The Difficult Airway
July 8, 2010 Leave a comment
One of the most tense moments in the emergency department is a rapid sequence intubation. The hallways of the emergency department are filled with beeping monitors, squeaking stretchers, and loud voices – and there is never a moment of silence until the paralytics and sedative medications are injected through the patient’s IV. A variety of people hover near the patient – nurses, physicians, students, techs. All attention is centered at the head of the bed. And then there is long moment of stillness. Everyone waits.
I hope that I will never lose my reverence for this moment. People can lose their lives if an airway is not successfully obtained. And the more times you miss an intubation, the more difficult it becomes to secure the airway – the blades begin to irritate the larynx and pharnyx, which results in swelling and bleeding; this ultimately leads to poor visualization of the cords.
Some of the new intubation tools used in the OR and the ED are changing the way we intubate patients – fiber optics, the GlideScope, the AirTraq. As they become more popular, the basic technique of direct laryngoscopy seems more and more like a thing of the past. An article published by EP Monthly in December of 2008 discusses some of the new trends in airway management, Tech Trends from the Exhibit Floor: Fiber-Optic Airway Management.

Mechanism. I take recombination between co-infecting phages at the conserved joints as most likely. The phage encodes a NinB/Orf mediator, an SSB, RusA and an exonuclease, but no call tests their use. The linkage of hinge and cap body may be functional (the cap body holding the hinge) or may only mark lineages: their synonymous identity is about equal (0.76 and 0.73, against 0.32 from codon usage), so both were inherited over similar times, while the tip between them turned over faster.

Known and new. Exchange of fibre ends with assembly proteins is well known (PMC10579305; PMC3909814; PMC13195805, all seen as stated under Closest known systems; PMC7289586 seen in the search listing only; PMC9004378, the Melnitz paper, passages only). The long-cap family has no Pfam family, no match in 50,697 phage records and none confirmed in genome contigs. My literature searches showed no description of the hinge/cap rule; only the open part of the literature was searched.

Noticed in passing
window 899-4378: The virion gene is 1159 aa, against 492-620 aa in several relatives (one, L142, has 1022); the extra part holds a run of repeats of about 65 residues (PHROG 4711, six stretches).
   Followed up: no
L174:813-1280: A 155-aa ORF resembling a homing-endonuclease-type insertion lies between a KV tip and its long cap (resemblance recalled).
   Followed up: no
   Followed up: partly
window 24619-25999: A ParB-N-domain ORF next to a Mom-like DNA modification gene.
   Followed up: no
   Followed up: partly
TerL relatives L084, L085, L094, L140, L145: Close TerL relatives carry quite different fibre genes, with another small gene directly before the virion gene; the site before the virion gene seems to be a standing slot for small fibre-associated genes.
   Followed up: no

Many argue that it is still important to train new physicians in the technique of direct laryngoscopy so that they understand airway anatomy. However, a study published in 2009 in Anesthesiology, Laryngoscopy via Macintosh blade versus GlideScope, indicates that the GlideScope technique yields higher success rates, 90% as compared to 51% within 120 seconds, even for people untrained in intubation.
This and other new studies (Mixed Results for Video vs Direct Laryngoscopy for Tracheal Intubations) beg the question: is there still value, for patients and physicians, of direct laryngoscopy, now that we have expanded our capabilities of video laryngoscopy? Most studies indicate that video laryngoscopy is associated better success rates on first pass and has less complications (with the exception of power failure) than direct laryngoscopy. Moreover, the studies that analyze hospital length of stay, in-hospital mortality, and discharge Glasgow Coma Scale (GCS) demonstrate no significant difference in patient outcome between the two techniques.
Anesthesiologists still argue that it is important to be adept at several different intubation methods, in order to “troubleshoot” the airway and provide one’s own back-up. The airway is one of the most frightening parts of medical resuscitation, and it is essential that we carry enough tricks up our sleeve to avoid dangerous situations.
To complicate matters, the obesity epidemic in America has had a significant impact on intubation success rates, insofar as neck circumference plays a role. Patients with a larger neck circumferences are more difficult to intubate (see Morbid Obesity and Tracheal Intubation). Obese patients are also more difficult to bag-mask ventilate because of their excessive soft tissue that surrounds the airway – this makes a “difficult intubation” situation even more tenuous.
No matter what technique we use, it is important that we are adept with several different intubation “tools,” and it is also important that we maintain our calm during one of the most anxiety-ridden moments in medicine – standing at the head of the bed, watching the monitor as a paralyzed patient rapidly desaturates, all the while knowing that this moment is critical, and that securing the airway in the shortest window of time possible is the only intervention that will save this patient’s life.